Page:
In 1849, the seclusion of the Nichols-Scott settlement was broken by the arrival of the Wires family - George Wires, who came from the mainland, having purchased there a tract of 137 acres. The same year Nichols bought 114 acres, the consideration being five dollars per acre.

 

In 1853, Simon and Peter Fox came as settlers to the island from Pt. Au Pelee, having purchased all of the remaining portion of land still unoccupied.

 

Fruit produced by wild grape vines on North Bass were of such quality that one of the islanders, Simon Fox, was led to believe the soil and climate peculiarly adapted to the culture of improved varieties, such as the Concord, Delaware, and Catawba, and by way of experiment put out an acre of the same. The vines flourished, producing in time a splendid crop, and proving in every way a success. Having thus discovered that to which the soil was best suited, the price of land suddenly advanced, subdivisions of the larger tracts being made to fill the demands of purchasers, all of whom began the culture of grapes. Results transcended the islanders’ most sanguine expectations, the largest, best flavored, and most delicious clusters ever produced, loading the vines. In a few years after the first planting of grapes, the whole island - barring occasional tracts of pasture land, gardens, and orchards - luxuriated in vineyards. Concord grapes then sold at from four to five cents a pound; Catawbas, from six to eight cents, and Delawares from eight to ten cents a pound. Some additional pioneers of the island, and of grape cul- ture, were P. Cummings, Dr. C. D. Townsend, Dr. Morton, H. G. Fox, Geo. Fox, J. Snide, C. K. Minor, C. Reichel, G. H. Smith, Gen. Lindsley, Wm. Axtell, and others.

 

The fishing industry, carried on for years by North Bass, or, more poetically and properly speaking, Isle St. George residents, has grown to be an extensive and profitable occupation, reefs, and feeding beds around the island covering miles in extent, and inviting large schools of fishes, including black bass. Fish houses, fishing boats, fish nets - by mile lengths, fish net reels and the tarry fisher himself, are among picturesque objects seen at Isle St. George. Among veteran fishermen is oft mentioned Captain Sanderson, who, during a residence of over thirty years, proved a most successful manipulator of twine and canvas. Henry Kimmel, another hardy fisher, still haunts the isle, though latterly residing elsewhere. The Fox brothers and numerous other resident fishermen have quite distinguished themselves along this line.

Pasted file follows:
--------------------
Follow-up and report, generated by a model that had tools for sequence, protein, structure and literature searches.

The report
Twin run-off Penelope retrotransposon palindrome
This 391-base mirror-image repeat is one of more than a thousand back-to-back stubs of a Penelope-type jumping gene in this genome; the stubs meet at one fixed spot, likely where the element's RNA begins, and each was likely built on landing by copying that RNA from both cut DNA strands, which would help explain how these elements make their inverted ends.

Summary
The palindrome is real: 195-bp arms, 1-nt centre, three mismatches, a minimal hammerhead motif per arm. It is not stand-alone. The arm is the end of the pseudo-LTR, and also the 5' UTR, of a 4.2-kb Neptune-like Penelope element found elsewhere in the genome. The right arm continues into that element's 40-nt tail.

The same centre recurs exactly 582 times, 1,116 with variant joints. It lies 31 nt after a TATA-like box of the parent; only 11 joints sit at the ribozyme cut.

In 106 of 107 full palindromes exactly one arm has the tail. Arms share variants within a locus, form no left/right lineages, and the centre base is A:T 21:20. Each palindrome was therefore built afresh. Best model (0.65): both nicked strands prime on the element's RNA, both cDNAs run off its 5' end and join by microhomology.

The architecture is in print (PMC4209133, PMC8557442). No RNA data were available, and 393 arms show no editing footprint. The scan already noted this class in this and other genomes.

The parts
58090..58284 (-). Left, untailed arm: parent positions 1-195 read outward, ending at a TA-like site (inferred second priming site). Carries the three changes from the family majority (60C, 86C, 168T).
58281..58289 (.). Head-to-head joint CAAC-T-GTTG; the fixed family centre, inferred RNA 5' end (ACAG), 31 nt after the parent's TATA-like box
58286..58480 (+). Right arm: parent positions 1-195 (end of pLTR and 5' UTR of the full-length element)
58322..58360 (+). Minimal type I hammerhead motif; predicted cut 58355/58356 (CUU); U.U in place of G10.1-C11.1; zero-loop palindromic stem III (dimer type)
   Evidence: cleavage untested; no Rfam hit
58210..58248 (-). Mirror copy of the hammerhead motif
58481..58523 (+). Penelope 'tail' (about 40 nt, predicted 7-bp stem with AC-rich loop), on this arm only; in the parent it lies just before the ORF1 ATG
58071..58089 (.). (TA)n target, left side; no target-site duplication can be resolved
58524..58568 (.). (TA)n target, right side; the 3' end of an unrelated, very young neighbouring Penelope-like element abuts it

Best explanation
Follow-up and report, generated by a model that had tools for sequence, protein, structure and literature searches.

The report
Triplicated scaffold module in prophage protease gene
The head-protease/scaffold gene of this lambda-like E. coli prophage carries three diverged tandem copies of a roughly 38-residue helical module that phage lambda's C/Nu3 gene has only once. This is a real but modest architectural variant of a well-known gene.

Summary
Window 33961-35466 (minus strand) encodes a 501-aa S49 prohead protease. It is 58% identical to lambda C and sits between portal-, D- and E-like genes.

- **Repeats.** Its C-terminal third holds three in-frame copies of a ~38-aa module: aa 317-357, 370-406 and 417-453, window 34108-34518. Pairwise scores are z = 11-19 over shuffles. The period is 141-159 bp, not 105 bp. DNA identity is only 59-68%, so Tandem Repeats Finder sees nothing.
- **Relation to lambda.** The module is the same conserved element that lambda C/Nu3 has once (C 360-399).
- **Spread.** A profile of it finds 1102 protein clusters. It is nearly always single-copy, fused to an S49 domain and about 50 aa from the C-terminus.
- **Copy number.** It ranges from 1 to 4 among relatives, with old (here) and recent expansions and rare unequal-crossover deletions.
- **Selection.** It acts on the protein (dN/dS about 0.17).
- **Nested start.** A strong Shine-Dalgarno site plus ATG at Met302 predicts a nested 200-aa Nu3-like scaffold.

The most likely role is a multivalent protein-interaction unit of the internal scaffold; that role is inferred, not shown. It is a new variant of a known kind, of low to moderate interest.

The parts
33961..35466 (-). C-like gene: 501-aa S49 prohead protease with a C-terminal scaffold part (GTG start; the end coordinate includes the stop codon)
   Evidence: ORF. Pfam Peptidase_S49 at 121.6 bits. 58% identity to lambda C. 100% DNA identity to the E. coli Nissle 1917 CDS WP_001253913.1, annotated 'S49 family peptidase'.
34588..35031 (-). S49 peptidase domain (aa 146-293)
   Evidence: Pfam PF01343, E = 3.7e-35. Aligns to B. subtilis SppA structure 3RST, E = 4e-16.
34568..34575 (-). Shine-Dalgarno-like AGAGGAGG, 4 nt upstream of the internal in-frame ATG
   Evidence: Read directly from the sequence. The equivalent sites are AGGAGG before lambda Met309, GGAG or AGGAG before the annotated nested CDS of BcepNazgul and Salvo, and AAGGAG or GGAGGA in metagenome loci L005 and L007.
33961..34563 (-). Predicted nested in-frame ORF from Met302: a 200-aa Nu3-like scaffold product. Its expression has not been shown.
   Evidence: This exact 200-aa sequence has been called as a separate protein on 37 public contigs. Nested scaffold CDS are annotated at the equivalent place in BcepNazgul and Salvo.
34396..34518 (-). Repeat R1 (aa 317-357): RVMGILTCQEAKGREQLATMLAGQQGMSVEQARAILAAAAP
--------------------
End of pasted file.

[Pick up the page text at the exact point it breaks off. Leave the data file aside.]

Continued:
Practically all of the islanders are adventurers, in fact, on water, as well as on ice, conditions peculiar to so isolated a location having conspired to render them such - the island lying four miles from Put-in-Bay, sixteen from Pt. Clinton and twenty-four miles from Sandusky, the nearest trading centers. All the marvelous, not to say blood-curdling escapades, for which its inhabitants have been famous since the island's first settlement, would afford material for a whole series of entertaining novels. Old settlers used habitually to jeopardize their lives in reaching mainland points across the ice, when supplies were needed; also to procure and dispatch mail matter, or to transact business. Present day inhabitants inherit the spirit of adventure - having been born thereto.

 

Among early pioneers, Peter and Simon Fox are especially remembered for their hazardous undertakings. A cold bath - to the neck - from breaking through the ice, they regarded as laughable incidents, only. The breaking in, and submergence of a horse was a little more serious, but they generally succeeded in getting the animal out of its predicament.

 

Simon Fox, on one occasion, it is related, was crossing from St. George to Put-in-Bay with horse and sled; when about midway between these islands an easterly wind sprung up, suddenly parting and breaking up the ice in all directions. Simon noted the newly sprung seams of open water and jostling ice floes just ahead, and the long and gradually widening crack extending rearward between him and Isle St. George. Here was that which even the most intrepid would admit as "real danger.” A few moments' delay, as he saw at a glance, would cut him off entirely from land, and would send him adrift down Lake Erie. The crack was already too wide for the horse and sled to cross without getting into the lake. There was but one alternative. It required dextrous and rapid movements, and strength as well. When making the leap of his life, Simon cleared the crack, landing safely upon solid ice, and later reaching shore. Marooned on an ice floe in the meantime, horse and sled drifted outward towards the open lake. Simon, however, did not propose letting his equine companion go by the board. Securing a boat, the assistance of a neighbor, and plenty of rope, the two pulled rapidly outward in pursuit of the fugitive horse and sled. Regardless of the sea that had risen and was already sending spray showers upward from between the running ice cakes, the horse - a quiet animal - maintained its position, evidently wondering what all the fuss was about. With great difficulty the men finally succeeded in fastening ropes to the floe bearing horse and sled. The ropes fortunately held, and the floe and its cargo were towed ashore and the rig safely landed.